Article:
| Press Release

Budget cuts threaten California’s progress on natural climate solutions

Farmworker in California's Central Valley. Photo by Canva.
Farmworker in California's Central Valley. Photo by Canva.

SACRAMENTO — On Monday, the California Natural Resources Agency (CNRA) released a new set of targets for nature-based climate solutions as required by AB 1757 (C. Garcia and R. Rivas, 2022). While the new targets should help California sequester more carbon on our natural and working lands than we emit, they mean little without state investment to back them up. 

“Natural and working lands — our parks, wetlands, farms, ranches, and more — can be one of California’s greatest tools in fighting the climate crisis,” said Baani Behniwal, Natural Carbon Sequestration Manager for The Climate Center. “Natural climate solutions like urban greening and compost application can both mitigate and build resilience to climate impacts at the same time. We’ve been waiting over a year for these targets and now that they’re out, we must hold state leaders accountable to achieving them. California must now invest in climate solutions at the scale this crisis demands.

“To follow through on the intent of AB 1757, we urge Governor Newsom and the legislature to preserve funding for proven, existing efforts, including the Department of Food and Agriculture’s Healthy Soils Program and CALFIRE’s Urban and Community Forestry program. We also encourage the legislature to follow through and put a climate bond on the November ballot that will fund California’s efforts to scale up natural climate solutions.”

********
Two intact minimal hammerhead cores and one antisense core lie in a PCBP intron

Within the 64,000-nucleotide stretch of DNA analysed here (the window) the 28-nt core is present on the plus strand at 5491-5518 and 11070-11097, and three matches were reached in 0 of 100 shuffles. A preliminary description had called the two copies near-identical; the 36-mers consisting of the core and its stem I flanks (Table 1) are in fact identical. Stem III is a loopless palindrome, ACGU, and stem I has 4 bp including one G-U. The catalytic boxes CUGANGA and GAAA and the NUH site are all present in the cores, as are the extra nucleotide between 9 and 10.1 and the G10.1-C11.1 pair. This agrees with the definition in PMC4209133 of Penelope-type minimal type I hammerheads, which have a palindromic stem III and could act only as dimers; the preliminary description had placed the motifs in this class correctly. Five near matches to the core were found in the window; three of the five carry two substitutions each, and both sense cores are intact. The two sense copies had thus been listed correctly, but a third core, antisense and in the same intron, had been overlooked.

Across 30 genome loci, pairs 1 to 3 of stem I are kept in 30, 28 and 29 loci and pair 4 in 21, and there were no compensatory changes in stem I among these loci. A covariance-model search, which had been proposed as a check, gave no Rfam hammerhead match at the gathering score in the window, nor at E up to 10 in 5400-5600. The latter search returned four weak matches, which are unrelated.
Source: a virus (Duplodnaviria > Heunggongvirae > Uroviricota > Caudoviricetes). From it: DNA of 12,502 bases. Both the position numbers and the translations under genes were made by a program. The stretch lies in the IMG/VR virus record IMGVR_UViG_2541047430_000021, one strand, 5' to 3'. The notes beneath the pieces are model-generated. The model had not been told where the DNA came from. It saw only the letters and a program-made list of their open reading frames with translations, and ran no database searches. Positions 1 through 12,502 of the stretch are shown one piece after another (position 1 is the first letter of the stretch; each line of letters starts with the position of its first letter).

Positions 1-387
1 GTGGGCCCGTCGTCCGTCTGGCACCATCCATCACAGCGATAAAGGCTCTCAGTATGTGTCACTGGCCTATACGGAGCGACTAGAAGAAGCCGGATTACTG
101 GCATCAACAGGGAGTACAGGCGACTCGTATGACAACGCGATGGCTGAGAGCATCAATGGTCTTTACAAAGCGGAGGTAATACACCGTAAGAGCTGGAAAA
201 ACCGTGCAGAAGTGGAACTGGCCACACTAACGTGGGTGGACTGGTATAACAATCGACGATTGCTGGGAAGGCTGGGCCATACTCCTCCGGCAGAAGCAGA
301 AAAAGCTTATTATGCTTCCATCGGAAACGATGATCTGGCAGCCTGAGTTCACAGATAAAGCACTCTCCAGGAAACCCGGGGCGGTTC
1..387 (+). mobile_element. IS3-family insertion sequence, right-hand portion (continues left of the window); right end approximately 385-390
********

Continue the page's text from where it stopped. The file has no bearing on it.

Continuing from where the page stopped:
The California Air Resources Board’s 2022 Scoping Plan includes limited modeling of carbon emissions from natural and working lands. The new targets released go well beyond what’s included in the Scoping Plan and would position California to transform our lands from a net source of carbon emissions into a net sink

Key targets include:

  • Beneficial fire practices implemented on 800,000 acres/year by 2030, 1.2 million acres/year by 2038, and 1.5 million acres/year by 2045
  • Restoration on degraded grasslands at a rate of 55,100 acres/year through 2045
  • Urban greening and forestry on 34,700 acres/year through 2045
  • Conserving wetlands and seagrass meadows at a rate of 1,300 acres/year through 2045

The full list of targets is available here.

Since organizing to pass AB 1757 in 2022, The Climate Center and our partners have worked directly with state agencies to set ambitious, science-based targets. In six public comment letters submitted to CNRA, we outlined recommended targets for croplands, forests, wetlands, deserts, rangelands, and developed lands.



Ryan Schleeter, Communications Director, The Climate Center: ryan@theclimatecenter.org, (415) 342-2386

About The Climate Center: 

The Climate Center is a climate and energy policy nonprofit working to rapidly reduce climate pollution at scale, starting in California. We are a think-tank, do-tank working to turn bold ideas into action for a climate-safe future. Our flagship Climate-Safe California campaign is a unique and comprehensive effort to make California the first state in the nation to reach carbon negative. www.theclimatecenter.org